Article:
Written by: Matt Molgaard
Directed by: Marc Caro, Jean-Pierre Jeunet
Cast: Ron Perlman, Daniel Emilfork, Judith Vittet, Dominique Pinon
Marc Caro and Jean-Pierre Jeunet teamed up to direct one of most visually stunning horror films in recent memory. The City Of Lost Children is the tale of mad scientist Krank, who is aging at an accelerated rate due to the fact that he can no longer dream. Krank builds an army of ‘cyclops’ to kidnap the cities children in the hopes of claiming the children’s dreams as his own, thus reversing the accelerated aging. Krank makes a fatal error when his gang of one eyed freak shows kidnap Denree, who just so happens to have a very big, strong brother; One. One (Ron Perlman) sets out to find his little brother, and in the process brings Krank’s maniacal system to a screeching halt.
This is (as previously stated) hands down, one of the most visually stunning films on the public market. The settings are absolutely brilliant, and the frequent usage of low lighting and thick fog create an uncanny sense of dread. The film work is genuinely eerie, and the effects are neatly polished. The setting is a small harbor town, and the sets are far beyond believable enough to carry the viewer into Caro and Jeunet’s imaginative, and frightening realm.
Ron Perlman provides an excellent performance in the lead role of One; the not so smart strong man for the local fair who‘s brother has been kidnapped. Perlman infuses a perfect blend of naivety, frustration and passion as the less-than-intelligent, and semi-unlikely hero. Daniel Emilfork is haunting as the villainous Krank, and Judith Vittet displays an incredible knack for acting despite the youngsters inexperience. Dominique Pinon is stellar as Krank’s handy clones, and the burden of portraying 20 plus characters (albeit the same one…if you know what I mean) seemed to go unnoticed by the genre veteran. Genevieve Brunet and Odile Mallet round out the list of memorable characters as “The Octopus”, a deranged and greedy set of Siamese twins.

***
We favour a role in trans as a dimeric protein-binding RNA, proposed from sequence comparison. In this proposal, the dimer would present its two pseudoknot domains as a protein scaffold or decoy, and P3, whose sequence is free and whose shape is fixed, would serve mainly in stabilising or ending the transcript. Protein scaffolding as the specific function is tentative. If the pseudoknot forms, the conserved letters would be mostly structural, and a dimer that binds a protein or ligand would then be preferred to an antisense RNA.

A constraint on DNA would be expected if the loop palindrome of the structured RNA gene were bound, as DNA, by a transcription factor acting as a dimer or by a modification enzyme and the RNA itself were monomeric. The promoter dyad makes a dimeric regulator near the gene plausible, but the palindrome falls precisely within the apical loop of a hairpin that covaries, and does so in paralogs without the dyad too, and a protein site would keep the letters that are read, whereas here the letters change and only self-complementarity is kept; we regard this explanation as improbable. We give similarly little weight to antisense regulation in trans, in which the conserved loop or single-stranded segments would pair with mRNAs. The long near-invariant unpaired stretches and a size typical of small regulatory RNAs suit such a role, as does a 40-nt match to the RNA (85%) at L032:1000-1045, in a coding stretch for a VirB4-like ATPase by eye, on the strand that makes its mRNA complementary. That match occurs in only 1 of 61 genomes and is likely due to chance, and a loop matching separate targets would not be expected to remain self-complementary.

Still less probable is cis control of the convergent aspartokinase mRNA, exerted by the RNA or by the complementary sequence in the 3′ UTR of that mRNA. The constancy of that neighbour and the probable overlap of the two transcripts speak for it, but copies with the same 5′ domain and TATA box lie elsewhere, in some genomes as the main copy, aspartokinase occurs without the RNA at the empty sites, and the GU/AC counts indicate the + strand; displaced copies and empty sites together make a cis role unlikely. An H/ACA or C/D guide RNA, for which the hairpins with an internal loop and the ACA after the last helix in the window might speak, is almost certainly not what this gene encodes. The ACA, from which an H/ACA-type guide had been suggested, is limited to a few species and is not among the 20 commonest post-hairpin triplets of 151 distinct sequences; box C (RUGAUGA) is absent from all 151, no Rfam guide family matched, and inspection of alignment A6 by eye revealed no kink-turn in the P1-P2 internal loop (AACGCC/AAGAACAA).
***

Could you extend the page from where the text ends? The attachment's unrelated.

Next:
The faults are few, in fact I could make the claim that the only issue with this film is a slight ripple in translation from time to time. Aside from that, the surroundings, dialog, special effects and screenplay are marvelous. A list of accomplished actors and actresses bring the film together seamlessly, and the screenplay is chilling. This is, in my opinion one of the best horror films in existence. The fact that The City Of Lost Children has already earned cult classic status is no surprise. If you haven’t yet seen the film, go watch it, and send me a thank you e-mail later.